Chromatin is a substance within a chromosome consisting of DNA and protein. The major proteins in chromatin are histones, which help package the DNA in a compact form that fits in the cell nucleus. New research from the Weizmann Institute of Science has revealed a previously unknown mode of nuclear chromatin organization in fully differentiated cells in which chromatin density is high at the nuclear periphery and undetectable in the nuclear center, creating an effectively central chromatin-devoid region.
Left: a 3D illustration of the nucleus representing the classical theory of DNA organization at its center. Right: microscopic image of the nucleus of a fruit fly larva’s muscle cell; the long chains of DNA (red) are attached to the nuclear lamina (green) — the inner layer of the nuclear membrane. Image credit: Weizmann Institute of Science.
In an earlier study, Dr. Daria Amiad-Pavlov and her colleagues from the Weizmann Institute of Science analyzed how mechanical forces influence cell nuclei in the muscle and found evidence that muscle contractions had an immediate effect on gene expression patterns.
“We couldn’t explore this further because existing methods relied on imaging of chemically preserved cells, so they failed to capture what happens in the cell nuclei of an actual working muscle,” Dr. Amiad-Pavlov said.
To address this issue, the researchers aimed to study muscle nuclei in live fruit fly (Drosophila) larvae.
They obtained images of the internal, linearly-organized complexes of DNA and its proteins, surrounded by the membrane of the muscle nuclei.
Rather than filling up the entire volume of the nucleus, the ‘noodles,’ or long chromatin molecules, were organized as a relatively thin layer, attached to its inner walls.
Similar to the outcome of the interaction between oil and water, what is known as phase separation, the chromatin separated itself from the bulk of the liquid inside of the nucleus and found its place at its outskirts, while most of the fluid medium remained at the center.
The scientists realized that they were on their way to addressing a fundamental biological question, that is — how is chromatin, and hence DNA, organized in the nucleus in a living organism.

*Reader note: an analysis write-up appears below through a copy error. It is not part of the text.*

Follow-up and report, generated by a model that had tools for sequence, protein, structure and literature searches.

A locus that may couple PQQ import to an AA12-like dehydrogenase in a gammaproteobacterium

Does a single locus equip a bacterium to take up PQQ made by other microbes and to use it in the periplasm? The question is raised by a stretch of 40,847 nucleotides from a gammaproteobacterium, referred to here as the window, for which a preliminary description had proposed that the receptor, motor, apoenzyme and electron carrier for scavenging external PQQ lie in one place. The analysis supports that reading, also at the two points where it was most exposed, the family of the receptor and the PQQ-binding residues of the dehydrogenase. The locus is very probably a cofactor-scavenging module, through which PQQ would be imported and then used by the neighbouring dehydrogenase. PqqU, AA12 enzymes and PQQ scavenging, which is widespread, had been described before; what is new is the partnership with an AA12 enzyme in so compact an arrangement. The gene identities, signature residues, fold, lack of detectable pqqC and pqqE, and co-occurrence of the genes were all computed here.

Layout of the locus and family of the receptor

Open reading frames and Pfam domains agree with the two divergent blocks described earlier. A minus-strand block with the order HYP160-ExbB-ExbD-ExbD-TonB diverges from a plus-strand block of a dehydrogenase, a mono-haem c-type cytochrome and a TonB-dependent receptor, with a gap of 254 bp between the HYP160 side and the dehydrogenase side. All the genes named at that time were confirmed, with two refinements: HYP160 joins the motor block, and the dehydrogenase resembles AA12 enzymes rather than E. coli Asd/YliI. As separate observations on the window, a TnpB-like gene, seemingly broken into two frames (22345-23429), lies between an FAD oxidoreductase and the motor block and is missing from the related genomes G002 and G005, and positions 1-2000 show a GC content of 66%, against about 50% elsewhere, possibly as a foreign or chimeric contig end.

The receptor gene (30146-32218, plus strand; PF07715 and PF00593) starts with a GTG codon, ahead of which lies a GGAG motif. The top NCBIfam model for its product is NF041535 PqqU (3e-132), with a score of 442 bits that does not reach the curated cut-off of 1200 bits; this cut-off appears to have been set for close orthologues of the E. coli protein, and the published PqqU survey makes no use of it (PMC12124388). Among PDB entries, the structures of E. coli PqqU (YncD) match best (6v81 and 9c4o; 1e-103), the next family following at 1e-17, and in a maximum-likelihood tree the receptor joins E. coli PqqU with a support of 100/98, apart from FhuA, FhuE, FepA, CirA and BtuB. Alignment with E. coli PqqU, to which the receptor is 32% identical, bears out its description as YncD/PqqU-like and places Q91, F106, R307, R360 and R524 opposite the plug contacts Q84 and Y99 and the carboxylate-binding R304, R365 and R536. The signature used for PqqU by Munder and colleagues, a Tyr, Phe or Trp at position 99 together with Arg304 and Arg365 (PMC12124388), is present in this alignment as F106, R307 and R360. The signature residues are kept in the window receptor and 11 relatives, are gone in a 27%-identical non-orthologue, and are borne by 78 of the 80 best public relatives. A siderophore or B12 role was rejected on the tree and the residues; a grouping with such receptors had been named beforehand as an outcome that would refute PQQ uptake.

“But the findings were so unexpected, we had to make sure no error had crept in and that this organization was universal,” said Dr. Dana Lorber, also from the Weizmann Institute of Science.
The authors also built a theoretical model that included the physical factors governing chromatin organization in the nucleus, such as the relative forces of attraction between chromatin and its liquid environment and between chromatin and the nuclear membrane.
Their model predicted that the chromatin should undergo separation from the liquid phase, depending on the relative amount of liquid (hydration) in the nucleus. Furthermore, the phase separated chromatin could then arrange itself along the inside of the nuclear membrane — just as they had found in their experiments.
They also explained why chromatin appeared to fill the cell nuclei in previous studies.
“When scientists plate cells on a glass slide in order to study them under a microscope, they change their volume and physically flatten them,” said Weizmann Institute of Science’s Professor Samuel Safran.
“This may perturb some of the forces governing chromatin arrangement and reduce the distance between the upper part of the nucleus to its base.”
The team’s findings were published in the journal Science Advances.
Daria Amiad-Pavlov et al. 2021. Live imaging of chromatin distribution reveals novel principles of nuclear architecture and chromatin compartmentalization. Science Advances 7 (23); doi: 10.1126/sciadv.abf6251